Discussion - References.
Rough surfaces have been shown to be advantageous to osseointegration. They can provide a better initial stability to dental implants. Additionally and most importantly, they can promote the differentiation of osteoblasts at the bone interface and enhance their osteogenic function. This can accelerate the bone healing process and increase the bone contact rate. These effects of rough surface on the osteogenesis at the bone interface are considered to be functions of its roughness and topography. The modified sandblasted rough surface described herein features the formation of numerous secondary micropores and a rough and round profile. These characteristics happen to be consistent with Wong’s concept concerning an ideal rough surface. He held that, as far as interfacial biomechanics is concerned, the rough surface with more small peaks is better than that with fewer larger peaks.
In this in vitro study, the modified sandblasted surface’s biologic effects on the initial healing process at the dental implant-bone interface were investigated by using an experimental three-dimensional model of biomaterial-osteoblast culture developed by the authors. After Ti discs were put into this model, osteoblastic cells migrated from the confluent cell layer to the disc circumference and attached to it, forming a three dimensional interface of osteoblasts to the Ti disc. On the first day, the variance between the two surface groups could not be discerned. By the third day, the effects of the modified sandblasted surface had become apparent. It induced a perpendicular attachment with the triangular or multangular cells at the interface. These were reflected by the nonuniform and broader refractile band under the phase-contrast microscope, having cell contour perpendicular to the disc circumference and reflected by the perpendicularly attaching cells and collagen-like fibers in the cytohistologic sections. Meanwhile, a circular parallel attachment of long spindle-shaped cells occurred in the smooth surface group. Based on this in vitro study, it can be concluded that the real perpendicularly connecting bone-fiber osseointegration can be achieved by the modified sandblasting surface treatment at the dental implant bone interface. The osseointegration of this pattern will possibly enhance the bonding strength of the bone interface and favor the distribution of occlusive force at the interface when compared with the capsule-like adaptation of a smooth surface dental implant. This was also implied by Schroeder’s findings during his study of the histologic effects of titanium plasma spray on the tissue interface of dental implants. He found functionally oriented fibroblastic cells and collagen fibers at the gingival interface that attached to the abutment at angles. This functional connection seemed to increase the bonding strength at the gingival interface.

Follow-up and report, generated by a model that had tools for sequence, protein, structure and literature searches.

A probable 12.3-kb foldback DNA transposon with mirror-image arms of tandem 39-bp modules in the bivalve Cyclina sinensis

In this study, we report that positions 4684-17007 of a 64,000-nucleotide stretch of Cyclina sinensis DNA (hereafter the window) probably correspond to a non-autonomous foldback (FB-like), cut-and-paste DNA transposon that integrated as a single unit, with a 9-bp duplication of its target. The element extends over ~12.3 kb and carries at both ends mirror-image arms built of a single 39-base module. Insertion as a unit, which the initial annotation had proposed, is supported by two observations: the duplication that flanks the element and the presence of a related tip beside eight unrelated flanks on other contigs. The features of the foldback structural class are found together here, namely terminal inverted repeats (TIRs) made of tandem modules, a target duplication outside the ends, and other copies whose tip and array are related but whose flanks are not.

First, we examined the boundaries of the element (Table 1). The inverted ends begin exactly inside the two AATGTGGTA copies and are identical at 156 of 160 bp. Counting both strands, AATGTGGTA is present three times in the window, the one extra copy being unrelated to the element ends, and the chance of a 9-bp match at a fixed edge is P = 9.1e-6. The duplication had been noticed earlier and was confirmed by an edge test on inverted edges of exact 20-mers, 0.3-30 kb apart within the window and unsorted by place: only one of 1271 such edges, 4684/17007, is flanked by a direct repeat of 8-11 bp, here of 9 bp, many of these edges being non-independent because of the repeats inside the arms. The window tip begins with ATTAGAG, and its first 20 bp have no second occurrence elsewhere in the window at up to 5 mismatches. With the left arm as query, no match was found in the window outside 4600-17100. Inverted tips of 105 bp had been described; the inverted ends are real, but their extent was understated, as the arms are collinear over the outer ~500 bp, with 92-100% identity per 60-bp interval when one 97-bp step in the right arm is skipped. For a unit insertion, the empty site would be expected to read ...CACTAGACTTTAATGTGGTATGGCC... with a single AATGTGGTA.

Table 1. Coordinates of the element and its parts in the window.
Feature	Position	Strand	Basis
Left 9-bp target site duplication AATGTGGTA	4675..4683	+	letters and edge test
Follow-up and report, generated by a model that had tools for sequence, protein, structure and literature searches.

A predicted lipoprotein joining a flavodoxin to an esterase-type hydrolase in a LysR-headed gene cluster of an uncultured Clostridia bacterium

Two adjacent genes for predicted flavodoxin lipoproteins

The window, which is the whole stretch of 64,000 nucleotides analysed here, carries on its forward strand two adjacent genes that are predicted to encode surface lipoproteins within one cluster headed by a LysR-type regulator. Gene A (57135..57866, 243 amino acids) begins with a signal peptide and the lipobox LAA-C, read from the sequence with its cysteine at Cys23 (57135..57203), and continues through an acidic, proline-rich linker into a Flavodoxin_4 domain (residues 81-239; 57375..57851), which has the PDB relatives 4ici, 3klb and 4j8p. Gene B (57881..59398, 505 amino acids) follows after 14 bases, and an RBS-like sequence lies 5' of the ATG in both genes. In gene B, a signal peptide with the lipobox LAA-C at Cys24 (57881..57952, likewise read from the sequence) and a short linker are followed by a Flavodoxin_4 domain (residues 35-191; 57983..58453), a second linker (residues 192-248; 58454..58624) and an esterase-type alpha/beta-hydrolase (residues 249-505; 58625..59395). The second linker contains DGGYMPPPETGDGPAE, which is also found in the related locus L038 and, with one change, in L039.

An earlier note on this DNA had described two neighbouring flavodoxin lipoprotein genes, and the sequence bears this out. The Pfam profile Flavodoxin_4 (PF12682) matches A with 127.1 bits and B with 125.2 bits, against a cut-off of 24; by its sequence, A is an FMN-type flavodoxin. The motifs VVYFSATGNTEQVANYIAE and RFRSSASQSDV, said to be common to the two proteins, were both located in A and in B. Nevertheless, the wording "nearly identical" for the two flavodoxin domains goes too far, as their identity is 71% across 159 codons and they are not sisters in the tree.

Another distinction in the osteogenic functions of interfacial osteoblasts was revealed by using cytomorphologic methods. Apart from the implication of cell morphology, the active secretion of collagen fibrils, the bone-matrix-vesicles–mediated mineralization, and the formation of osteocytes suggest that the modified sandblasted surface can definitely improve the osteogenic function of interfacial osteoblasts and can be expected to accelerate the process of bone healing at the interface of implants. The same conclusion has been reached by other researchers who have used a two dimensional cell culture model (that is, seeding and culturing cells on designed surfaces). In the present study, the results, based on this more closely in vivo-simulating model, are more significant and more convincing. They confirm the findings of a previous in vivo study and indicate that the modified sandblasted surface accelerates osseointegration through its influence on the morphology and function of interfacial osteoblasts. They also indicate that the surface topography is a factor in biomaterial biocompatibility.
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